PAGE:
Activists call on Michigan corporations to stop funding anti-democracy politicians with guerrilla banner campaign

Some Michigan-based companies continue to fund campaigns of politicians pushing voter restriction bills

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click to enlarge Banner displayed outside DTE Energy's headquarters in Detroit. - Defend Black Voters Coalition
Defend Black Voters Coalition
Banner displayed outside DTE Energy's headquarters in Detroit.

A coalition of voting rights advocates unfurled a large banner outside of DTE Energy's headquarters in Detroit on Thursday morning, calling on large Michigan-based companies to stop funding the campaigns of politicians who attack democracy.

“Shareholders can’t be silent while profiting from the attack on democracy 4 all,” states the banner, which was draped along the side of MGM Grand casino’s parking structure during DTE's annual shareholder meeting.

The Defend Black Voters Coalition, a multi-racial group that supports voting rights, is urging shareholders of DTE, General Motors, Consumers Energy, and Ford Motor Co. to hold the companies accountable for donating to politicians who are behind initiatives to restrict voting rights.

“We demand the boards of directors of GM, Ford, DTE, and Consumers Energy meet with directly impacted people in Detroit to understand the harm their companies are doing to our communities,” Jennifer Disla, co-executive director of Detroit Action, said in a statement. "It’s past time we defend our communities from the racist policies set forth by corporations and right-wing politicians. It’s time for all of us to defend Black voters.”

In April 2021, the leaders of three dozen major Michigan-based companies denounced a package of Republican-sponsored bills that would curb voting access in Michigan and other states. But since then, some of the companies have resumed funding the campaigns of Republicans responsible for bills that would make it more difficult to vote.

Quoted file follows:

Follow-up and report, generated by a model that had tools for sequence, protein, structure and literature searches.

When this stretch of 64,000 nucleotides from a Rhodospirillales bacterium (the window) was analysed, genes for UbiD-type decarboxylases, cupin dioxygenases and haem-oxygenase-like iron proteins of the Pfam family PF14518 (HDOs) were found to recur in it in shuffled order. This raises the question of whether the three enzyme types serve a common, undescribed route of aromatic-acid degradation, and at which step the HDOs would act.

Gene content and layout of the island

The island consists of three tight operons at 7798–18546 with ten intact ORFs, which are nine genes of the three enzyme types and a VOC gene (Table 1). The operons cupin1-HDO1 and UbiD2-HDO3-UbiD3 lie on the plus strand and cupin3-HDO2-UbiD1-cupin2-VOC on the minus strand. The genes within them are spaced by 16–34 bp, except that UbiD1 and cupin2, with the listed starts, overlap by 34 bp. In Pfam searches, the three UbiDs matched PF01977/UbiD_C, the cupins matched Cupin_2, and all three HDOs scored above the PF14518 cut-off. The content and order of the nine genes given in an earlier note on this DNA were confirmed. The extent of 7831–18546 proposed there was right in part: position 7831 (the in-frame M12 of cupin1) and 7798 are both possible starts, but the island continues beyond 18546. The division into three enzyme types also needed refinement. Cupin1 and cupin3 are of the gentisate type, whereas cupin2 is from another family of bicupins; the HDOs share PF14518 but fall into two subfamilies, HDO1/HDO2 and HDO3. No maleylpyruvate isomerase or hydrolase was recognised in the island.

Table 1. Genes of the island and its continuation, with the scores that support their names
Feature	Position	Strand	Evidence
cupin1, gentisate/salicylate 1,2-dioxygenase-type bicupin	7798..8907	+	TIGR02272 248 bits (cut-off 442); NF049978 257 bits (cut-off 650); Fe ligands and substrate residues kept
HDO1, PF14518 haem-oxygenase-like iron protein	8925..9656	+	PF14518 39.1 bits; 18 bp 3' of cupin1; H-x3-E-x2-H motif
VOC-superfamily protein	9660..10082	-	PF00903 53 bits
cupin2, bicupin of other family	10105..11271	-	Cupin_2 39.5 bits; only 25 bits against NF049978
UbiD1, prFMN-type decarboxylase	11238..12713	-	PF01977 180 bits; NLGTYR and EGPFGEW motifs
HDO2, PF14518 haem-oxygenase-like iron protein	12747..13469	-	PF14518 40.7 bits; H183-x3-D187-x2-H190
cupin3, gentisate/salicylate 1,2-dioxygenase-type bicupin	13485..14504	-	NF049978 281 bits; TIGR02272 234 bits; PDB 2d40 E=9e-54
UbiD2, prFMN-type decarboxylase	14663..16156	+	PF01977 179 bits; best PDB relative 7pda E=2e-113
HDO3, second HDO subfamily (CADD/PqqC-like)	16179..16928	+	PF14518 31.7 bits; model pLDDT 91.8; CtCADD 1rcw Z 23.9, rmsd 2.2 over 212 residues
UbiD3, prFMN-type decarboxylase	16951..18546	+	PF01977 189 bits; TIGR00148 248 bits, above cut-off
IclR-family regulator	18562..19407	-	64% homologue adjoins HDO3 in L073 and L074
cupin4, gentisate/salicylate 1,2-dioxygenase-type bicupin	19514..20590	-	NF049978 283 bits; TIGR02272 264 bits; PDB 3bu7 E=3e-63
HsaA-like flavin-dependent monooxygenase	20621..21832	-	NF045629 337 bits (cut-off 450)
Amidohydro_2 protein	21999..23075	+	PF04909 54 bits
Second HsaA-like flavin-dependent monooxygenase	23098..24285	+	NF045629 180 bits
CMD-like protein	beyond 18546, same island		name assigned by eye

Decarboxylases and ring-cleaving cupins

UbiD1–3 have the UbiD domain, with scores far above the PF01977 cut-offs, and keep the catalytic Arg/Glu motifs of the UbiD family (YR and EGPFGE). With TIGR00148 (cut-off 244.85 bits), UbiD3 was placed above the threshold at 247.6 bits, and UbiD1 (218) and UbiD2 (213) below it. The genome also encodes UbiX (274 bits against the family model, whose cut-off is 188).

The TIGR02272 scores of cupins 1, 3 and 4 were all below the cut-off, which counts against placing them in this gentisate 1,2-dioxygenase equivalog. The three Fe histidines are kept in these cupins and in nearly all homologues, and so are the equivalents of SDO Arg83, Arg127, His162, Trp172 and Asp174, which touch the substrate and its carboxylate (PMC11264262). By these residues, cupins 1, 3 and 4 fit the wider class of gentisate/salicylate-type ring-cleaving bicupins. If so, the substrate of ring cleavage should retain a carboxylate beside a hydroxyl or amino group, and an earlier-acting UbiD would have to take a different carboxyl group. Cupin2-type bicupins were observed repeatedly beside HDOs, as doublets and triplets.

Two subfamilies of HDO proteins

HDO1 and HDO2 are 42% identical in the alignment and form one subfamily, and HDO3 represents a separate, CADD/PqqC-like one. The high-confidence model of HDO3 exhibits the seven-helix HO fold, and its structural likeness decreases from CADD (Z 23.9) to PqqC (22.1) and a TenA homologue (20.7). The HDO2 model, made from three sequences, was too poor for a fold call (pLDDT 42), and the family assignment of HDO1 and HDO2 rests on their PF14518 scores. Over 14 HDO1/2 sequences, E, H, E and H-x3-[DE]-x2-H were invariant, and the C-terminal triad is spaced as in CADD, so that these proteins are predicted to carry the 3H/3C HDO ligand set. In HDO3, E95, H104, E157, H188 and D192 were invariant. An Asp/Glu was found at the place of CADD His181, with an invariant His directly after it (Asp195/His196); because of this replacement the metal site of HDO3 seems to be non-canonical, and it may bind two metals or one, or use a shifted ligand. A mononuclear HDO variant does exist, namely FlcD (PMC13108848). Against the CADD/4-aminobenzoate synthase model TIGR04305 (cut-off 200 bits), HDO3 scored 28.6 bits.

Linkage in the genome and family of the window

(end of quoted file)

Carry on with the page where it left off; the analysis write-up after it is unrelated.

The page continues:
Republicans in the state Legislature introduced a 39-bill package last year that would restricting voting rights. The bills come amid false and discredited claims of widespread voter fraud in the 2020 election, when a record number of people voted.

The legislation in Michigan would require a photo ID to vote in person, prohibit clerks from providing prepaid postage on absentee ballot return envelopes, and restrict the hours to drop ballots in curbside boxes. The Secretary of State would be prevented from mailing unsolicited absentee ballot applications, as done in 2020, and voters would have to attach a copy of their photo ID to apply for an absentee ballot.

The Defend Black Voters Coalition said its supporters will continue future actions, press conferences, and rallies until the companies top supporting voter suppression.

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About The Author

Steve Neavling

Steve Neavling is an award-winning investigative journalist who operated Motor City Muckraker, an online news site devoted to exposing abuses of power and holding public officials accountable. Neavling also hosted Muckraker Report on 910AM from September 2017 to July 2018. Before launching Motor City Muckraker,...
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